WordCamp Tokyo 2008. Photo credit: Odyssey

Career and Leadership

My career also changed dramatically between 2006 and 2009.

Because I gained general blog template customization skills through working with WordPress, freelance work started to come in. I also had the opportunity to write WordPress books in Japanese. Thanks to WordPress, I was able to learn and practice the idea of ​​Web Standards. My ability to write solid markups was valued, and I got my first full-time technical job as a frontend engineer at an ad agency in a suburb of Detroit.

In April 2009, I started as a part-time Happiness Engineer (customer support for WordPress.com) at Automattic, then in 2010 offered a full-time position. Since then, my role had evolved into the field of localization, and I'm happy to tell you that my 10th anniversary is coming up soon.

In the past few years, I've taken up some more global responsibilities within the WordPress community, such as one of the Global Mentors for the Polyglots Team, and lead organizer of WordPress Translation Day 4. Most recently, I was selected as the global leader of the first WordCamp Asia (planned for 2020 in Bangkok, Thailand).

Growing and Giving Back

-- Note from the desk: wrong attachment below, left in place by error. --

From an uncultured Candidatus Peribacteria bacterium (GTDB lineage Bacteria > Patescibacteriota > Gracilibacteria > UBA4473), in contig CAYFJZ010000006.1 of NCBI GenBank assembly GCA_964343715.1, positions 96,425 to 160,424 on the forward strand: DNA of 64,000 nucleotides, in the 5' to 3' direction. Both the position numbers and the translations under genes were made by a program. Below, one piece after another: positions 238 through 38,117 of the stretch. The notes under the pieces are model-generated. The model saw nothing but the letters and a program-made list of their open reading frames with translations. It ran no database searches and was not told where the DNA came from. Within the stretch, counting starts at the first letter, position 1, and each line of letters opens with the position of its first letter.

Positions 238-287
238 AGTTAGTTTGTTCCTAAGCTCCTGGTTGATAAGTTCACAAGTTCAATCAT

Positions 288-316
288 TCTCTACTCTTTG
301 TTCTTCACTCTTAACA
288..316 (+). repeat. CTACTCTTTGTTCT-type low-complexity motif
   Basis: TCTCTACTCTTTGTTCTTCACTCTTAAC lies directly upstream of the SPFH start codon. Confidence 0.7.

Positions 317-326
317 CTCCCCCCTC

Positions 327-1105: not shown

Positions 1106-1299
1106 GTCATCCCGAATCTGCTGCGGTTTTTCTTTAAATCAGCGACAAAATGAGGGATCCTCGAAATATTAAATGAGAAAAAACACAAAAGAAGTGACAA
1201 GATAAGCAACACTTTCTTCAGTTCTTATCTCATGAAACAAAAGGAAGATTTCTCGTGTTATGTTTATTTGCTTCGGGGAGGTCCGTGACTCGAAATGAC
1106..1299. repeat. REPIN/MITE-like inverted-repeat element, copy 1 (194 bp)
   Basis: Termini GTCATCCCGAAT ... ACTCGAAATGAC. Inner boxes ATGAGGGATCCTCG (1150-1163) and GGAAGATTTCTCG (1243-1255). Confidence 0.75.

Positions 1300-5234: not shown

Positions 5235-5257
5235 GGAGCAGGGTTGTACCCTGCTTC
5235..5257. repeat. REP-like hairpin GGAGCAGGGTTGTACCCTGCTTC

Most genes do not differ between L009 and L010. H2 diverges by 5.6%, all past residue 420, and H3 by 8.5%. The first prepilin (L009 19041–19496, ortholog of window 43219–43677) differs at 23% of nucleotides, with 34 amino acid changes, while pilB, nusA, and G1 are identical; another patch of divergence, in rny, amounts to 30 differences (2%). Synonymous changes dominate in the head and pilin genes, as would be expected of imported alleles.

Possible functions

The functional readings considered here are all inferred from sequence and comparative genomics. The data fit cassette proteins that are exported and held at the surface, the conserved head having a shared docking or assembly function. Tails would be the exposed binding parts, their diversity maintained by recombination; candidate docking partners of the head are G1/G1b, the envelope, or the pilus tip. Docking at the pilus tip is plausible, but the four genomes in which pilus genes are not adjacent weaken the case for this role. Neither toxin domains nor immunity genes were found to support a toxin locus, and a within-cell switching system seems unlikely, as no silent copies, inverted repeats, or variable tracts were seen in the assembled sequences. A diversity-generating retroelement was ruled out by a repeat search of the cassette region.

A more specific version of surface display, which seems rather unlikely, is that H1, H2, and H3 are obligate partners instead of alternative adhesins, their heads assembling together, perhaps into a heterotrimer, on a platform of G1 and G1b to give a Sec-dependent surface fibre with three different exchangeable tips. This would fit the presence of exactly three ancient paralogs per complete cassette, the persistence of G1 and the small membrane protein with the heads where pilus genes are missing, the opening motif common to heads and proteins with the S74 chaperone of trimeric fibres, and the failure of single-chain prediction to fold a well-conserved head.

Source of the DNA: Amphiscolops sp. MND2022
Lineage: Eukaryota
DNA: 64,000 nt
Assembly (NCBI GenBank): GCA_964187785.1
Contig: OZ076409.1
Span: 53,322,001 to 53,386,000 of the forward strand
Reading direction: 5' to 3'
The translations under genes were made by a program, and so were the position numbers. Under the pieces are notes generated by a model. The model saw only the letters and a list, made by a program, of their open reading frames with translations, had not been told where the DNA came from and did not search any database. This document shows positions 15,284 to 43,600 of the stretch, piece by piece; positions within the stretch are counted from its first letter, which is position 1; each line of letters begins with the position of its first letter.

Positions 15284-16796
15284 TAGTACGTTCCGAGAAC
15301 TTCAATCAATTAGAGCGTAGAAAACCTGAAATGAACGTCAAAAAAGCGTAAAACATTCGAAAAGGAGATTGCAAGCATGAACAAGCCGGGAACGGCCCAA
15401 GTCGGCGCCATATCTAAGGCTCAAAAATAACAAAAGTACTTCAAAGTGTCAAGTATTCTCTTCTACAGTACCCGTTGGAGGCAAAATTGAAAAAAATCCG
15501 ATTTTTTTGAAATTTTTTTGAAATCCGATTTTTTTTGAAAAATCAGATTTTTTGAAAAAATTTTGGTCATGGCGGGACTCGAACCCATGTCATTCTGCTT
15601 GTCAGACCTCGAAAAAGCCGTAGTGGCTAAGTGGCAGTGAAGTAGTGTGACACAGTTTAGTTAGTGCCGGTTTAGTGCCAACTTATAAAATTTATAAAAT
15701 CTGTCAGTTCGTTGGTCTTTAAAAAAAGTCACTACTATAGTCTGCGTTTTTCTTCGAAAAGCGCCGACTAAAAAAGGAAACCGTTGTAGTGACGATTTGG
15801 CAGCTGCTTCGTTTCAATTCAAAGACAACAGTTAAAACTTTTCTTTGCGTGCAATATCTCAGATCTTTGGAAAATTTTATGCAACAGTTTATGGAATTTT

The WordPress community taught me so much.

Sometimes the process of gaining such new insights was painful, but I still feel I'm lucky to have been given challenges that made me grow.

To give back, I want to continue helping communities outside of the English speaking world. I believe that's the most powerful thing I can do to remove the barriers on the web and the vast world that it touches.

Tokyo WordPress Meetup / WordPress Translation Day 4

WordPress を通して成長できたという話

高野直子

WordPress のことを知ったのは、約16年前でした。

その数カ月後には元持っていたブログを WordPress に切り替え、さらにまた数カ月後には現在も続いている WordPress への翻訳という形での貢献を始めることになりました。振り返ると、社会人になってからほとんどの年数を、WordPress とともに過ごしてきたわけです。

私が現在東京で子育てをしながらグローバルかつ柔軟な環境で働くことができるのは、新しい世界を見せてくれ、機会を与えてくれた WordPress の存在のおかげです。

今こうやって、「WordPress との関わりが自分と周りの『バリア』を破ったこと」というテーマで記事を書かせてもらうにあたって思いを巡らせてみると、本当にこのソフトウェアと出会わなければまったく違う人生を歩んでいただろうなと思います。多くの人たちにもめぐりあうことはなかっただろうし、仕事はもちろん、住んでもいる場所も違っていたかもしれない。

そんな、私にとってとても大きな存在の WordPress が、迷える20代を過ごしていた自分をどんなふうに変えてくれたかのお話をしようと思います。

WordPress との出会い

私が WordPress を知ったのは、2003年の春か夏頃でした。その頃の私はというと、高校留学後にアメリカ中西部の地方大学でグラフィックデザインの学位を取ったものの、新卒で入った小さな会社がドットコムバブルで立ち行かなくなったり、当時の夫の大学院入学のためにアメリカに戻ってきても経験不足で Web 関係の仕事には就けなかったり。とは言え家計を支える立場を選んだわけで、一旦やりたかった仕事はあきらめて、日系自動車会社で派遣をやっていた日々でした。インハウス翻訳者兼事務補助職のような感じで、お給料と需要を優先して良く言えばがむしゃらにがんばっていたし、悪くいうと目の前のことでいっぱいいっぱいという状況。

ただ、そのころ時間だけはたっぷりあったんです。夫は暇さえあれば勉強していたし、派遣の仕事もそんなに忙しいものではなかったので、定時に帰って夕食後はテレビを見たり出かけたりはせず、それぞれパソコンに向かっていました。